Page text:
FCC looks to avert new phone number crises
(IDG) -- The country is in danger of running out of phone numbers again. And this time the telephone companies' old excuse - the growth of cellular phones, pagers and fax machines - won't cut it.
Alarmed at the rapid multiplication of new area codes, the Federal Communications Commission this spring will issue a proposal to force local carriers to start changing the entire system by which telephone numbers are assigned, Network World has learned.
The move is aimed at preventing users from having to change phone numbers both within data devices and for voice telephony because their area code changes every few years.
Both FCC officials and outside experts say the reason why carriers keep carving up new area codes - 47 scheduled across the country in 1999 alone - is not that there's too much demand for phone numbers but that the system itself is woefully inefficient.
Every time a competitive local exchange carrier enters a market, they explain, it can only request numbers in blocks of 10,000, even if it has only a handful of customers. That's because current telco switching systems only examine the first six dialed digits - the area code and exchange - to determine which local carrier will terminate the call. As a result, all 10,000 possible numbers in an exchange must be assigned solely to the dominant carrier or one of potentially dozens of competitors.
The problem is especially acute in California, where 20 out of 24 area codes have been placed in "jeopardy" status by the North American Numbering Plan Administration (NANPA), including several that have gone into effect over the past three years. Numbers are being assigned to carriers by lottery in 17 of those area codes, the California Public Utilities Commission revealed last week.
To relieve the problem, California has 16 new area codes slated for introduction over the next three years. "California is splitting area codes like rabbits have babies," says Lee Selwyn, president of Economics and Technology, a Boston-based consulting firm that does work for several user groups.
But NANPA says that solution is a Band-Aid. When the nation began implementing non-traditional area codes in 1995 - those without a "0" or "1" in the middle - NANPA estimated that the new area codes could hold out until 2025. Now NANPA estimates the country could run out of area codes as early as 2007 if carriers continue to assign new area codes at the current pace.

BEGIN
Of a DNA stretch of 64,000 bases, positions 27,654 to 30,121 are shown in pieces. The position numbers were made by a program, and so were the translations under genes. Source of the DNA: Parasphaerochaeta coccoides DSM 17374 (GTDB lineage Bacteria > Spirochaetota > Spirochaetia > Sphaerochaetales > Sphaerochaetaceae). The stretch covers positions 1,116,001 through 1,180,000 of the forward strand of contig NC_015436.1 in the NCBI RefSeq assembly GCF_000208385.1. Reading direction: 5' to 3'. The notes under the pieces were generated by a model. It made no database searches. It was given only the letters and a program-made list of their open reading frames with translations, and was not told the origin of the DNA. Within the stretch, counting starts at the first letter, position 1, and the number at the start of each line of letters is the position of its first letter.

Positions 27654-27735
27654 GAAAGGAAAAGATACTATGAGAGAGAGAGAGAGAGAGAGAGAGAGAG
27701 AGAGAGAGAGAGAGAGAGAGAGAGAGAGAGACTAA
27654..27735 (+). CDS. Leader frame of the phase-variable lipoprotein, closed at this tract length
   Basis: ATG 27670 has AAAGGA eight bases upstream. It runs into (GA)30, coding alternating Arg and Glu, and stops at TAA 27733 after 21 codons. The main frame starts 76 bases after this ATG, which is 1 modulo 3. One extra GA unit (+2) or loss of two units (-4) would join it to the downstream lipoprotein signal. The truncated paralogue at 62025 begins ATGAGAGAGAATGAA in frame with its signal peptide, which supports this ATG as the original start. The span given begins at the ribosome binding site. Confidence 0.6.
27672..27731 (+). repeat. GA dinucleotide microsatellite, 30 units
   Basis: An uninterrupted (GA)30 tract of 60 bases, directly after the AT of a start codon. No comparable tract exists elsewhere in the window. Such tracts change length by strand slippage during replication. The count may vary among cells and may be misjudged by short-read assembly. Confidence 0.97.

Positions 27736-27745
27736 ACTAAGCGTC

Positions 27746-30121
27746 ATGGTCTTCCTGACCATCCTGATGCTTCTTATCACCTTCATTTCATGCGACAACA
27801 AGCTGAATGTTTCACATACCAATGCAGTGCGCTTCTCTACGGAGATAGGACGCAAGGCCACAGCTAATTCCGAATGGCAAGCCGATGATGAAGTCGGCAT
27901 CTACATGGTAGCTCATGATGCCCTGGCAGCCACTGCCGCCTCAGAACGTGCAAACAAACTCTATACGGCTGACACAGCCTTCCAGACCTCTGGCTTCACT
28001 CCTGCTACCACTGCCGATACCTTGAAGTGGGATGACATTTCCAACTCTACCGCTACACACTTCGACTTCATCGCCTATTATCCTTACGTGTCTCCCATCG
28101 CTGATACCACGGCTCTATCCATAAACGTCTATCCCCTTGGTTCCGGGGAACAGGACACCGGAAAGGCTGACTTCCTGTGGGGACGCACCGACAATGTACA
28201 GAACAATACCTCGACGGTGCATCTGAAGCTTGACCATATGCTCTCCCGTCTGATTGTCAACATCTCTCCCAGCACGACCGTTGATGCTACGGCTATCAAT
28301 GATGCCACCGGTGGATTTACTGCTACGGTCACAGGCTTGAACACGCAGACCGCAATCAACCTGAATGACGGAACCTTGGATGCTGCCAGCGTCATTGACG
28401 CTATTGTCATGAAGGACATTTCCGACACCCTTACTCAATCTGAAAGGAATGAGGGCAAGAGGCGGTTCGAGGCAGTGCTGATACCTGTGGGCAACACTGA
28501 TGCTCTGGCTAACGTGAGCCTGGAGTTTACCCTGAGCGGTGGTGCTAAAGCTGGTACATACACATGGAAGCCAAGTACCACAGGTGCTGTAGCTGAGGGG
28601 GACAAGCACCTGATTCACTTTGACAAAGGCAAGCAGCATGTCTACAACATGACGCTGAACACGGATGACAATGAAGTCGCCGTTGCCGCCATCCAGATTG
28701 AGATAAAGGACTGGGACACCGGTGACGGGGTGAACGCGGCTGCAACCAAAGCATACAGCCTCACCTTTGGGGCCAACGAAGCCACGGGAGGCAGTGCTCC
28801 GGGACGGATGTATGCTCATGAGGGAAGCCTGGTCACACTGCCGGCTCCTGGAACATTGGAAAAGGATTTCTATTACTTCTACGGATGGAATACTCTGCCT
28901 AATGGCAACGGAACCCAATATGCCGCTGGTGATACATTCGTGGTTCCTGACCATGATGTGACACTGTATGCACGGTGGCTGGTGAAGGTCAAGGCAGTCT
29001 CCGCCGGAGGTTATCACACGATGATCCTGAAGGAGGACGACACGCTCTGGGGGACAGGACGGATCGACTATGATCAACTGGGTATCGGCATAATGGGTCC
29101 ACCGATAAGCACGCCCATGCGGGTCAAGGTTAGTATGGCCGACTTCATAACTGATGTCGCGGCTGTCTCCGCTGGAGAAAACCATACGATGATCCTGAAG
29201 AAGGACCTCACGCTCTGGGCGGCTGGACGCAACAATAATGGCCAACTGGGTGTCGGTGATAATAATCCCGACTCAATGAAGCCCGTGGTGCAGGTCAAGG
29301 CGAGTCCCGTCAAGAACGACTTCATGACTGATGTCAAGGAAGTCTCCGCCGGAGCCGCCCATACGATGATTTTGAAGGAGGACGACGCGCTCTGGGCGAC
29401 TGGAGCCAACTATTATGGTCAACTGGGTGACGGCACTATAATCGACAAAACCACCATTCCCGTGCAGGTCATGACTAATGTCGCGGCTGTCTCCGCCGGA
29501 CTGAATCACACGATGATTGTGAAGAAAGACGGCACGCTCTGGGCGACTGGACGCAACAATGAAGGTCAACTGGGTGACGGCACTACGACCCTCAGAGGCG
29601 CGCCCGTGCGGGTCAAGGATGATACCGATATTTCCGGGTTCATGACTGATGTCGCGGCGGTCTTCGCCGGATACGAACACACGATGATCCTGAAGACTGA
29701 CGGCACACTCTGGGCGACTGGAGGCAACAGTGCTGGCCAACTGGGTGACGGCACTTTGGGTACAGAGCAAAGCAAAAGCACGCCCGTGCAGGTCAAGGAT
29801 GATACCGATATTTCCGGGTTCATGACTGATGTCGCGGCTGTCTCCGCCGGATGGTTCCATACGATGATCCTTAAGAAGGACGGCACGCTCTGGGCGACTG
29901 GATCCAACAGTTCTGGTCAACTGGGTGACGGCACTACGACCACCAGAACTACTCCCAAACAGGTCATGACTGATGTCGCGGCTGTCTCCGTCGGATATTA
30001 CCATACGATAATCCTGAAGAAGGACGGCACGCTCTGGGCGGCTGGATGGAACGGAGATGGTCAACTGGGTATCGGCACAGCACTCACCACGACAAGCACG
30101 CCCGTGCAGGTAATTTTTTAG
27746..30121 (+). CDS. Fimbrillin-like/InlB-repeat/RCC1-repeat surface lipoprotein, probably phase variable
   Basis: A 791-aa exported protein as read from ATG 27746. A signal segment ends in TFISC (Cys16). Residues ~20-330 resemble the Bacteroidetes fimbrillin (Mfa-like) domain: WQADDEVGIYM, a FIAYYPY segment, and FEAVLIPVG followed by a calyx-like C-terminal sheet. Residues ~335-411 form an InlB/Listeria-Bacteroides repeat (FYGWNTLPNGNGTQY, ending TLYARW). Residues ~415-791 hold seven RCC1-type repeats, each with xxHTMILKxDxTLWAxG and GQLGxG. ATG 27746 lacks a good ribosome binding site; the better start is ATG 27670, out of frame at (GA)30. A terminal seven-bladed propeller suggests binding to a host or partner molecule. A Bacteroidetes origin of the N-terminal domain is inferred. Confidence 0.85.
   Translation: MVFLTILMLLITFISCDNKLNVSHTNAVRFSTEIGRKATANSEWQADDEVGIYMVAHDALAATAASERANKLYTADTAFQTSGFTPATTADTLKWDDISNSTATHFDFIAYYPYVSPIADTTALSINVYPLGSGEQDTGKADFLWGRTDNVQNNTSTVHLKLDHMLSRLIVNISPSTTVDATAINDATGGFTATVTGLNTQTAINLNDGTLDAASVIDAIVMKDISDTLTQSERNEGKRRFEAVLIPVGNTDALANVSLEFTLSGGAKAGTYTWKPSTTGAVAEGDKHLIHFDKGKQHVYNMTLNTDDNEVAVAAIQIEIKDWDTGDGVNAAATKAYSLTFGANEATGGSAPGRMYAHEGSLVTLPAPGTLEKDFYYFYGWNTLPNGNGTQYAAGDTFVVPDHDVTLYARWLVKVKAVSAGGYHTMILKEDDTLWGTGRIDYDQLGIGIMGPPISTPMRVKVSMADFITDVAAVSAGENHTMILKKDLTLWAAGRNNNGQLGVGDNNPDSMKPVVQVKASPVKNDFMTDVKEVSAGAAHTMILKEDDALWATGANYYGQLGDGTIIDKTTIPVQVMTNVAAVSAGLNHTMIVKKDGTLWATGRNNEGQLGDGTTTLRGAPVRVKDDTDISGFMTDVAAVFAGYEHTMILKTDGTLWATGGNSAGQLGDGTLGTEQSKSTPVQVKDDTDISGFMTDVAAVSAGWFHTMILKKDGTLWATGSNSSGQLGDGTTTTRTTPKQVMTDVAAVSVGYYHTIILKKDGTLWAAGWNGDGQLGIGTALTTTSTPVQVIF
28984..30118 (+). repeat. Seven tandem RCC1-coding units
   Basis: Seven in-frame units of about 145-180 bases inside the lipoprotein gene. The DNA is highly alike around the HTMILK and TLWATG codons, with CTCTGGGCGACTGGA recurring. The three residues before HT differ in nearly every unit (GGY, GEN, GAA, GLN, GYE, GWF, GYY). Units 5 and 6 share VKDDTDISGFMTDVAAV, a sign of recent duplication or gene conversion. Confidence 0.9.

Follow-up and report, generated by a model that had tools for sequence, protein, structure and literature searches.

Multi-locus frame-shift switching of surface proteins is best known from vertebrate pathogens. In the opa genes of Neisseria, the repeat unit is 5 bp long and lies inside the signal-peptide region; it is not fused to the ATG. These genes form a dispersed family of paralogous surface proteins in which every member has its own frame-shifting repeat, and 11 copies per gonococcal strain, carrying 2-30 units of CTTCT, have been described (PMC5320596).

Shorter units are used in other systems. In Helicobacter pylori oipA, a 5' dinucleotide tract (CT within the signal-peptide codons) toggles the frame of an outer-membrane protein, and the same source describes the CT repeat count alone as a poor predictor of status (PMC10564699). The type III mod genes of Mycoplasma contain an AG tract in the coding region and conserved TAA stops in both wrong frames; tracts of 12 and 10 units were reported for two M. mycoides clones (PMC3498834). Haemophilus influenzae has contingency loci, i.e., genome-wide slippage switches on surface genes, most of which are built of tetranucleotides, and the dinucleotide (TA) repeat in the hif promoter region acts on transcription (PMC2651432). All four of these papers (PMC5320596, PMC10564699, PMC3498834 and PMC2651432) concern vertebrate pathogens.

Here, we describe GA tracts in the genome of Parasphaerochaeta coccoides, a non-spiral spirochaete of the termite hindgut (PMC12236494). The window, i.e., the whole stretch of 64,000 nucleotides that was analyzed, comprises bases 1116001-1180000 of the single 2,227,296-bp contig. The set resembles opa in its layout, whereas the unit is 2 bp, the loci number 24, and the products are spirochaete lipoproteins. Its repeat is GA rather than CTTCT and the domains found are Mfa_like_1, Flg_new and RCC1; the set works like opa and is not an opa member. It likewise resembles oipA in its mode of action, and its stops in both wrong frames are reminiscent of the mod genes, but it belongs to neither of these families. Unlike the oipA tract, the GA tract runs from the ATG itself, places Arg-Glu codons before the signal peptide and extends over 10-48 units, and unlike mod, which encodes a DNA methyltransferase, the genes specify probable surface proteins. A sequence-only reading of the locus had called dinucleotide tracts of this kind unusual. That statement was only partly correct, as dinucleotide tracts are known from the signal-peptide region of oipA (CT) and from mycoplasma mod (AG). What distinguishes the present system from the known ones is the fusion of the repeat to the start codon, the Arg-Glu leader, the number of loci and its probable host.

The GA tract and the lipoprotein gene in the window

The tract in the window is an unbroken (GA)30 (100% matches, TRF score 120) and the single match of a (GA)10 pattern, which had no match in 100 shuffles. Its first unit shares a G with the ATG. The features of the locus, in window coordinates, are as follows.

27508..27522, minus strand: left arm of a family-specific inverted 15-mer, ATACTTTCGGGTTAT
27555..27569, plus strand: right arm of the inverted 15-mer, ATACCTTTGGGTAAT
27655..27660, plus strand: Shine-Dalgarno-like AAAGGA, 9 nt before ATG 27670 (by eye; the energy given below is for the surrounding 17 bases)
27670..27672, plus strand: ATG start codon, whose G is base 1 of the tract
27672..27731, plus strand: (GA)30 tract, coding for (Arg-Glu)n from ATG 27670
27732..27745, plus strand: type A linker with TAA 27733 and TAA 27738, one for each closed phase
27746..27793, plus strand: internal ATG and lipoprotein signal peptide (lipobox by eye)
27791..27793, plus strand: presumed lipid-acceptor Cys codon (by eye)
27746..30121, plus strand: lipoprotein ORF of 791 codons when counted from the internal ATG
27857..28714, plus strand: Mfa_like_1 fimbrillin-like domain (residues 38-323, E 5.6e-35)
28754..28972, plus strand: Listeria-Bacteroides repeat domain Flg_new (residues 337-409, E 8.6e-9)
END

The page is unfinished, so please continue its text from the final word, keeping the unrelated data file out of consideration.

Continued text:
"We're very concerned about the rapid exhaust of area codes," says Anna Gomez, chief of the Network Services Division of the FCC's Common Carrier Bureau. In a February ruling on wireless matters, the agency warned of a "numbering exhaust crisis" owing to "inefficiencies in the current system."
State regulators are concerned, too, but they partly blame the FCC for the problem. Last week the California PUC issued a Consumer Advisory saying that it would like to implement a new system called number pooling to solve the problem. In number pooling, up to 10 carriers could share 10,000 number blocks, with each getting 1,000 of the numbers.
But the state regulators noted that the FCC so far has prohibited state regulators from forcing local carriers to participate in trials of number pooling. And, said the PUC, "Pacific Bell and GTE California are not willing to volunteer." A Pacific Bell spokeswoman told Network World a trial would be "costly and premature" since the FCC is about to make a new numbering proposal. GTE officials did not respond by deadline. By contrast, Bell Atlantic does have a number pooling trial under way in two New York area codes and so does Ameritech in one Illinois area code.
Making the problem worse: Many telcos force competitors to get not one but multiple 10,000 blocks to obtain full coverage of an area code. That's because they break down area codes into small zones called "rate centers" so they can measure the precise mileage of a call. For example, Selwyn notes, Eastern Massachusetts, with four area codes, has 203 rate centers. "So if a CLEC wants to do business throughout the Eastern Massachusetts LATA, it needs 203 [exchanges]. That's more than 2 million phone numbers," Selwyn explains.
In such a situation, the vast majority of numbers inevitably go to waste. Selwyn says he knows of CLECs who use only 10 numbers in some of their 10,000 number blocks. Besides, rate centers would be unnecessary if local carriers would agree to stop charging according to distance, just as most long-distance carriers now charge the same for all calls within the U.S. "There's no difference in cost [to the phone company] between a call of two miles and a call of 200 miles," Selwyn says.
Meanwhile, user advocates and some industry experts are steaming at the practice of phone companies continuing to tell users that increased user demand is to blame for splitting area codes. "That's not really true," says the FCC's Gomez. "New technologies are a factor, but it's really the introduction of competition as a whole that's leading to these exhaust issues." Agrees a spokeswoman for NANPA: "The driving force is that numbers are assigned in blocks of 10,000." Selwyn says the issue needs more attention from top RBOC management before it gets fully resolved.
1 number, 1 phone
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